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What Are the Different Sonnet Rhyme Schemes?

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  • Written By: Cynde Gregory
  • Edited By: PJP Schroeder
  • Last Modified Date: 28 August 2016
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There are two basic types of sonnets, the older, Petrarchan form and the more familiar Shakespearean sonnet. While both types of sonnets contain 14 lines, those lines are grouped differently, and the sonnet rhyme schemes are also different. Where the Petrarchan, or Italian, sonnet arranges itself into two stanzas, the Shakespearean, or English sonnet, is organized into four.

Both types of sonnets are written in iambic pentameter, which means each line contains five beats with every other syllable stressed. The Italian sonnet divides those lines into a group of eight and a group of six. The sonnet rhyme schemes in the first stanza are traditionally found with the first, fourth, fifth, and eight lines rhyming with one another and the second, third, six, and seventh lines carrying a second rhyme. If the first set of rhymes is called A and the second set called B, the rhyme scheme is visually represented as ABBAABBA.

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The second stanza contains six lines, and there are a number of accepted variations to the three new rhymes that are introduced. If those rhymes are represented by letters C, D, and E, the sonnet rhyme schemes they make can appear in a number of ways. The first two lines, the second two lines, and the third two lines can each rhyme as CC, DD, and EE. Alternatively, the rhymes can be spread throughout the six lines, such as CDECDE or CDEEDC. Other arrangements are occasionally used, such as CDCEDE or even EDCDEC, which contain the rhymed words but don’t place them into a pattern of lines.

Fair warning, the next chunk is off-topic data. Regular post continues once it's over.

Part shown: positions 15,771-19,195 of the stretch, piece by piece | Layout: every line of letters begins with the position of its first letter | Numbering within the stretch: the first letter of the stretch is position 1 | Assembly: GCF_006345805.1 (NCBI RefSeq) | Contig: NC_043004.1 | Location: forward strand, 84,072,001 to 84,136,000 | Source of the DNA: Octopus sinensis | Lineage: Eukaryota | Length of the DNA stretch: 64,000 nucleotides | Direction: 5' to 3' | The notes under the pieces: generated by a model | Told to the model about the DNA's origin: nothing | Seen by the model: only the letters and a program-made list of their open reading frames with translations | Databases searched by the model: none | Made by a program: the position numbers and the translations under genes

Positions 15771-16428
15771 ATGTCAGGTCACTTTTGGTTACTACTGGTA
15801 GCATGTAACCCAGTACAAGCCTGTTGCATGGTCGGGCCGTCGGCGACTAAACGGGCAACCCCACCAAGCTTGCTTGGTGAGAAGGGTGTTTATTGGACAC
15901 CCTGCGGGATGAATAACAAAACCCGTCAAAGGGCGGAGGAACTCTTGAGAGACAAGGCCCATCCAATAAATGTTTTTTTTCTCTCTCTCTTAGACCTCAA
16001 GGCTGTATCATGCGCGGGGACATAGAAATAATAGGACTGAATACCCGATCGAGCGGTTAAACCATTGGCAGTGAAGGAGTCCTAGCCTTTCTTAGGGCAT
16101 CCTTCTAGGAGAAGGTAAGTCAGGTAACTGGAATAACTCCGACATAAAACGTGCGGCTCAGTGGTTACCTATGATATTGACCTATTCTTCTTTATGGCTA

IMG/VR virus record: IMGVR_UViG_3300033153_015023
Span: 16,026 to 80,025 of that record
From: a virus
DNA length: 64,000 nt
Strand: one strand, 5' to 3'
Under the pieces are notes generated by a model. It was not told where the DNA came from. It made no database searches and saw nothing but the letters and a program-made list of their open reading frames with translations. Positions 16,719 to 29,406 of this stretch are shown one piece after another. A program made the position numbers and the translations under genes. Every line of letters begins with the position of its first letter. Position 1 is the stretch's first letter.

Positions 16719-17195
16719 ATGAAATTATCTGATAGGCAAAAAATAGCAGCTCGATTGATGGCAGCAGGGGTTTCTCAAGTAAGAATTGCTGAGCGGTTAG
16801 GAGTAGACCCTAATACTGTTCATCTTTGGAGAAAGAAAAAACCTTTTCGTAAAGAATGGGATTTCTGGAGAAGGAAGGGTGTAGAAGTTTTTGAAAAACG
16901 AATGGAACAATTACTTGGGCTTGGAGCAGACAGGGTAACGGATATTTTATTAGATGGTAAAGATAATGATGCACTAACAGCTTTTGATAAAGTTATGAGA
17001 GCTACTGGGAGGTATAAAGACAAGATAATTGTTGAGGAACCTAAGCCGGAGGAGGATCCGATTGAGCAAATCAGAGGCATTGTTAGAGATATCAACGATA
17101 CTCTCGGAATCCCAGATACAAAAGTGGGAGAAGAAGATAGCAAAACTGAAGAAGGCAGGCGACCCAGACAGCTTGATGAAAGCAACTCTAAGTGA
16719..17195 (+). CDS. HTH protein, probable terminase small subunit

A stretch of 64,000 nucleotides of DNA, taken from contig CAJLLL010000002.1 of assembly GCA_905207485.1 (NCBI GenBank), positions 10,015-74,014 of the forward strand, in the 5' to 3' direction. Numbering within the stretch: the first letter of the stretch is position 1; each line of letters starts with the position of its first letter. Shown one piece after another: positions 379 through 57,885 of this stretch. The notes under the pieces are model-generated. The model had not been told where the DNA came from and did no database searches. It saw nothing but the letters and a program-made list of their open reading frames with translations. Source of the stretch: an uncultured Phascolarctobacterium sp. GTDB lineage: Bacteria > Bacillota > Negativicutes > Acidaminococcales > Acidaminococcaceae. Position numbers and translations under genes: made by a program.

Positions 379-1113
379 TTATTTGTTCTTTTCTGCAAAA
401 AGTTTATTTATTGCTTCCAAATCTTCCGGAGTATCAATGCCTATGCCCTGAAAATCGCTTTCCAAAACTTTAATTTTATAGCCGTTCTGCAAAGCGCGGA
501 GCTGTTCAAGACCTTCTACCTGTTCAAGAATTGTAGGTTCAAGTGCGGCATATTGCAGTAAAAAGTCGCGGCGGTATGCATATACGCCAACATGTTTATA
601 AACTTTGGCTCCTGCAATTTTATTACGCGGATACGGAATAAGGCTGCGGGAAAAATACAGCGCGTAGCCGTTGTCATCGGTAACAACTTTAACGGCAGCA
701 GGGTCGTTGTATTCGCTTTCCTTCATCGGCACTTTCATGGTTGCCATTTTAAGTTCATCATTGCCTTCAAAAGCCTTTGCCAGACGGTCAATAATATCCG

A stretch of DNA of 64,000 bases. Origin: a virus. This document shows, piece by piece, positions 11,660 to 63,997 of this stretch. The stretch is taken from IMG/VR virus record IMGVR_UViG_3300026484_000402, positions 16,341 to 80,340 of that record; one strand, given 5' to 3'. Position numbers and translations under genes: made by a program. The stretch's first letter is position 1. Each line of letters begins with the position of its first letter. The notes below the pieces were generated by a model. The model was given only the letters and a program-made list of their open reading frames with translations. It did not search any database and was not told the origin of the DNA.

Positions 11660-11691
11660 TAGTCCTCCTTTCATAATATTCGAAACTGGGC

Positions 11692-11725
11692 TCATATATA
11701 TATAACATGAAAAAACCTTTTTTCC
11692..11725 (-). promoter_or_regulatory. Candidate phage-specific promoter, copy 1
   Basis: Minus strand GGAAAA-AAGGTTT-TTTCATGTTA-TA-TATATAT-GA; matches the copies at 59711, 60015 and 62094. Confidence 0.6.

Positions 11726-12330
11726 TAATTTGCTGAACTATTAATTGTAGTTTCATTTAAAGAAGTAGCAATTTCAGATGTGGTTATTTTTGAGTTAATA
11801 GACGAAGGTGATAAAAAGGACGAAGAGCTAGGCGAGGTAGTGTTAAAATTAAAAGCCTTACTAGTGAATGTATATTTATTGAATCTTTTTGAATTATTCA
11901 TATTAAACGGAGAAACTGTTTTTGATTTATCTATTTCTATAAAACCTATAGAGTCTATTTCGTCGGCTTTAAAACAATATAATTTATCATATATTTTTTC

In contrast, the English sonnet is arranged into three stanzas containing four lines each along with a two-line rhyming couplet. As with the Italian sonnet, each line is given five beats, or meters; this is called pentameter. Traditionally, the lines are broken into iambic beats, which stress the second, fourth, sixth, eighth, and tenth syllables.

The English sonnet allows a greater number of rhyming pairs in the poem, which means the poet is less restricted as to word choice and, ultimately, the way the subject of the poem unfolds. Every other line unfolds throughout the poem, but each new stanza is an opportunity for a new rhyming pair. Thus, English sonnet rhyme schemes can be written as ABAB CDCD EFEF GG, with the final rhyme found in the rhyming couplet that sums up the poem’s theme, which typically offers a twist or deeper meaning.

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Lostnfound
Post 2

We had to write Italian and Shakespearean sonnets in high school. The rhyme schemes are what killed me. It's really tough to plan out your words so you have a nice rhyme without it sounding too "moon, June, spoon." Rhyming poetry can get trite in a hurry, and I always wished sonnets could be 14 lines of blank verse. That would have been a lot easier to write, but that's not the classic form, and our teacher was interested in the classic form.

Maybe if Walt Whitman had written in sonnet form, then blank verse sonnets would be accepted by English teachers everywhere.

Grivusangel
Post 1

I've never attempted a Petrarchan sonnet, but I did have to write Shakespearean sonnets in English classes in high school. I never thought they were so difficult, as far as form goes; it was the subject matter that always challenged me. How much can you say about love and nature? I wish I had kept those sonnets. I'd like to go back and read them now and see how ridiculous they were. I'm sure they were full of teen-age angst sturm und drang.

I might try my hand at a Shakespearean sonnet now that I have some experience under my belt and actually know a little more about real life.

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